# PSAT Math : How to find decimal equivalent to a percentage

## Example Questions

### Example Question #1 : How To Find Decimal Equivalent To A Percentage

55 and 1/2% of 23 is about what?

49

2

11

155

13

13

Explanation:

55 and 1/2% can be written as a decimal: 0.555. To see what number is about 55.5% of 23, multiply 0.555 by 23. Answer: 12.765 or about 13.

Another route is to say that 55.5% is about half of 23. Half of 23 is 11.5. Since 55.5% is greater than 50%, 13 is the logical choice instead of 11.

### Example Question #42 : Percentage

Let x and y be numbers such that x and y are both nonzero, and x > y. If half of x is equal to thirty percent of the positive difference between x and y, then what is the ratio of x to y?

–2/3

3/2

–3/2

2/3

–1

–3/2

Explanation:

We need to find expressions for fifty percent of x and for thirty percent of the positive difference between x and y. Then, we can set these two expressions equal to each other and determine the ratio of x to y.

Fifty percent of x is equal to one-half of x, which is the same as multiplying x by 0.50.

50% of x = 0.5x

Thirty percent of the positive difference between x and y means that we need to multiply the positive difference between x and y by thirty percent. Because x > y, the positive difference between x and y is equal to x – y. We then need to take thirty percent of the quantity x – y. Remember that to convert from a percent to a decimal, we move the decimal two spaces to the left. Therefore, 30% = 0.30. We can now multiply this by (x – y).

30% of x – y = 0.30(x – y)

Now, we set the two expressions equal to one another.

0.5x = 0.30(x – y)

Distribute the right side.

0.5x = 0.3x – 0.3y

The ratio of x to y is represent by x/y. Thus, we want to group the x and y terms on opposite sides of the equations, and then divide both sides by y.

0.5x = 0.3x – 0.3y

Subtract 0.3x from both sides.

0.2x = –0.3y

Divide both sides by 0.2

x = (–0.3/0.2)y

Divide both sides by y to find x/y.

x/y = (–0.3/0.2) = –1.5.

Because the answers are in fractions, we want to rewrite –1.5 as a fraction. We can write –1.5 as –1.5/1 and then mutiply the top and bottom by 2.

(–1.5/1)(2/2) = –3/2

The answer is –3/2

### Example Question #41 : Percentage

If of is equal to of , and of is equal to of , then what percent of is ?

100

133

25

75

125

75

Explanation:

We are told that 50% of x is equal to 25% of y. We need to represent these two pieces of information as algebraic expressions. We can convert 50% and 25% to decimals by moving the decimals two places to the left. Thus, 50% = 0.50, and 25% = 0.25. To find 50% of x, we multiply x by 0.50. In other words, 50% of x = 0.50x. Likewise, 25% of y = 0.25y. We now set 0.50x and 0.25y equal to one another.

0.50x = 0.25y

Let's divide both sides by 0.25 to get rid of decimals.

2x = y

Next, we are told that 40% of y is equal to 60% of z. We will represent 40% and 60% as 0.40 and 0.60, respectively. Thus, we can write the following equation:

0.40y = 0.60z

Ultimately, we are asked to find x as a percentage of z. This means we want to find an equation with x and z, but not y. If we solve for y in the second equation, and then substitute this value into the first, we can eliminate y.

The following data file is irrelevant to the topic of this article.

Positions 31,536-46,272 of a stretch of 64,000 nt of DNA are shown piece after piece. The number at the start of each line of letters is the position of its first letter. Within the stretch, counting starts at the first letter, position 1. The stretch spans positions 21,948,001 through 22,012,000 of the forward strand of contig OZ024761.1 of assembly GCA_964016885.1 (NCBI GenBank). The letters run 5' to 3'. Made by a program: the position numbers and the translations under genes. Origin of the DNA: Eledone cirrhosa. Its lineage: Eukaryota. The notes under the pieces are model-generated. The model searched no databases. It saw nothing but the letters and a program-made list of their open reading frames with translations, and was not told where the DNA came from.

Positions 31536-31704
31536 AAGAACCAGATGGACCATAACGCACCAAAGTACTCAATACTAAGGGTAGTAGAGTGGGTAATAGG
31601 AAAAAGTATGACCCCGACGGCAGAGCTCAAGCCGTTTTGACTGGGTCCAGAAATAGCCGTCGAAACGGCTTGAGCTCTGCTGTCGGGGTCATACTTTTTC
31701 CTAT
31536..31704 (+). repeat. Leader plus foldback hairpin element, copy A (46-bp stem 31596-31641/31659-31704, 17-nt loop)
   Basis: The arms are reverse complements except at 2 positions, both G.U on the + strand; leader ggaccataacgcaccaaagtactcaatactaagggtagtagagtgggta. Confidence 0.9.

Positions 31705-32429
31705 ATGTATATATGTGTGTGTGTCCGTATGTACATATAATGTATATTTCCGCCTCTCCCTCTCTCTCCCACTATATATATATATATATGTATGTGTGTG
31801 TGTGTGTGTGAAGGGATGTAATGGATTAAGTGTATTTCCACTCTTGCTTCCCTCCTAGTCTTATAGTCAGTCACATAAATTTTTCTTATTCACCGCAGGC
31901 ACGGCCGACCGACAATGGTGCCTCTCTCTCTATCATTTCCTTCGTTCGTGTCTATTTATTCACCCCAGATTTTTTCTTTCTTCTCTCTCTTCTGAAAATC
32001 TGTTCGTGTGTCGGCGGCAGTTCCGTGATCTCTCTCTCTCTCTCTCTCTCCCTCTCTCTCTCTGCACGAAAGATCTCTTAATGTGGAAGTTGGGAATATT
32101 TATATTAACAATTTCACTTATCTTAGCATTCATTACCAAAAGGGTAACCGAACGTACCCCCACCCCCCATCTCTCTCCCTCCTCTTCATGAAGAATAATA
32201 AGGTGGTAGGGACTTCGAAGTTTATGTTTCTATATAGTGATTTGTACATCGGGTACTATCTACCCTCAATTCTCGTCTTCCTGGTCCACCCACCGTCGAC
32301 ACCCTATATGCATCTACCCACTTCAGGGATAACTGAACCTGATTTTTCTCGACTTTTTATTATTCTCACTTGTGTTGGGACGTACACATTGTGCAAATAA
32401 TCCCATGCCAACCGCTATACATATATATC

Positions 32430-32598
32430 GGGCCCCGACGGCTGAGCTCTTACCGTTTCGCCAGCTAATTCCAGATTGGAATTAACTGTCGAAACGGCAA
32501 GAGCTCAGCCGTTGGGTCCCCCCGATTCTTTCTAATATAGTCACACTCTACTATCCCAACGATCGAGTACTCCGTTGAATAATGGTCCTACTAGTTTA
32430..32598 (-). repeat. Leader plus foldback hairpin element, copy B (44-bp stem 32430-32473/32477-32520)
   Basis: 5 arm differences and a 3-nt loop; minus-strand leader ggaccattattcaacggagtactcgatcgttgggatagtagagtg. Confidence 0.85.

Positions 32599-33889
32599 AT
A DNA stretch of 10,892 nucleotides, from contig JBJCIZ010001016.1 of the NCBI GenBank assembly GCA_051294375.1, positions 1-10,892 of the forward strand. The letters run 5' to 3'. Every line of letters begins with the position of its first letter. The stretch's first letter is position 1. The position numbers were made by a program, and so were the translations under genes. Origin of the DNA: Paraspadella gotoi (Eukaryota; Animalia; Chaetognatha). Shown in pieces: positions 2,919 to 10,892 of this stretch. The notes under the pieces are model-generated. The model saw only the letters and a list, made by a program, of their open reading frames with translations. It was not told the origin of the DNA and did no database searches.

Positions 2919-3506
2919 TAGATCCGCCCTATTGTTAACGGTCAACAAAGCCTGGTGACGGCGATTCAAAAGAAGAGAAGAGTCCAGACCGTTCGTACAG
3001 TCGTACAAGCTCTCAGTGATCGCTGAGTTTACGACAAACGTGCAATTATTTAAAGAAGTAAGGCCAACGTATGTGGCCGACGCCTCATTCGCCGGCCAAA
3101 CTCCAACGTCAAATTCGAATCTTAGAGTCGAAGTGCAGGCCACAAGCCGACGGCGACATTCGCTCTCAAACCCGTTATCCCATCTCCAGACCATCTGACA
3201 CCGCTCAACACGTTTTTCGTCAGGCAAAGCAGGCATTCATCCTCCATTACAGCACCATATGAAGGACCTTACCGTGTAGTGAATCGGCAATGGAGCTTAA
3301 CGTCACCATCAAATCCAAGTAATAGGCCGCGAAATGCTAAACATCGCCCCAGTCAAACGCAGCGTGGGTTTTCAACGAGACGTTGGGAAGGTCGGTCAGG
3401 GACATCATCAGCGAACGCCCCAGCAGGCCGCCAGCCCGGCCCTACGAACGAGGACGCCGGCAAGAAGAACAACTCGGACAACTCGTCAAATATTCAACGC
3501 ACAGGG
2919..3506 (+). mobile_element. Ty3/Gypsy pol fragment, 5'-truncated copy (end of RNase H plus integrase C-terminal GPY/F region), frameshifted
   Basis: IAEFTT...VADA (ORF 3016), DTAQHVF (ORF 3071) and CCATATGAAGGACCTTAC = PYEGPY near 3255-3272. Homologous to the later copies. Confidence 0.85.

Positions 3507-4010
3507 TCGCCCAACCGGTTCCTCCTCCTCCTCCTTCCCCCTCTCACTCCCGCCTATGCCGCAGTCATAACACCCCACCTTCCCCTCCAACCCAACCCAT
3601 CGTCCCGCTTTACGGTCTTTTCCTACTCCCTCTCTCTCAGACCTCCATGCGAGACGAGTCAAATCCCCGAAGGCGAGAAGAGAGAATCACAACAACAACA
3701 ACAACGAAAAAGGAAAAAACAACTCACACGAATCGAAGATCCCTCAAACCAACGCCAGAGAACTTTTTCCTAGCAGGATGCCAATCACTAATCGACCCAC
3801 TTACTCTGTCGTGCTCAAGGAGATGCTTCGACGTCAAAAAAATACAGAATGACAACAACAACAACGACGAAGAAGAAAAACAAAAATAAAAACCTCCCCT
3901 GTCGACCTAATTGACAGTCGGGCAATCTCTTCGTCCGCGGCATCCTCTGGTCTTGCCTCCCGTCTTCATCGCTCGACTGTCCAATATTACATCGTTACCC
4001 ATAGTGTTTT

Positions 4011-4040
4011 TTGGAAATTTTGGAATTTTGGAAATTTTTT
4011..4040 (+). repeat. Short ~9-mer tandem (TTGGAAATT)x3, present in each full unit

Let's take the equation 0.40y = 0.60z and divide both sides by 0.40.

y = 1.5z

Now, we can take 1.5z and substitute this for y in the first equation.

2x = 1.5z

In order to find x as a percent of z, we must solve for x in terms of z. This means we must divide both sides of the equation by 2.

x = 0.75z

x is 0.75 times z. We can represent 0.75 as 75%, because in order to convert from a decimal to a percent, we need to move the decimal two spaces to the right. Therefore, if x = 0.75z, then x = 75% of z.

The answer is 75.

### Example Question #3 : Decimals And Percentage

To get on the ballot for the student body president at Harding High School, a student must turn in a petition with the signatures of 8% of the students from each of the four classes - freshman, sophomore, junior, and senior. There are 342 freshmen, 312 sophomores, 270 juniors, and 268 seniors enrolled at McKinley.

Tom has a petition with the signatures of 25 students from each of the four classes. Can he get on the ballot with the signatures he has, and if not, why not?

Tom cannot get on the ballot yet, because he needs more signatures from members of all four classes.

Tom has the signatures he needs to get on the ballot.

Tom cannot get on the ballot yet, because he needs more signatures from freshmen.

Tom cannot get on the ballot yet, because he needs more signatures from both freshmen and sophomores.

Tom cannot get on the ballot yet, because he needs more signatures from sophomores.

Tom cannot get on the ballot yet, because he needs more signatures from freshmen.

Explanation:

In order to answer the question, we must find out the percent of each class that has signed Tom's petition, and compare it to 8%.

Freshmen: have signed.

Sophomores: have signed.

Juniors: have signed.

Seniors: have signed.

Tom has the necessary signatures from members of the top three classes, but he cannot get on the ballot yet because he has not gathered enough signatures from freshmen.

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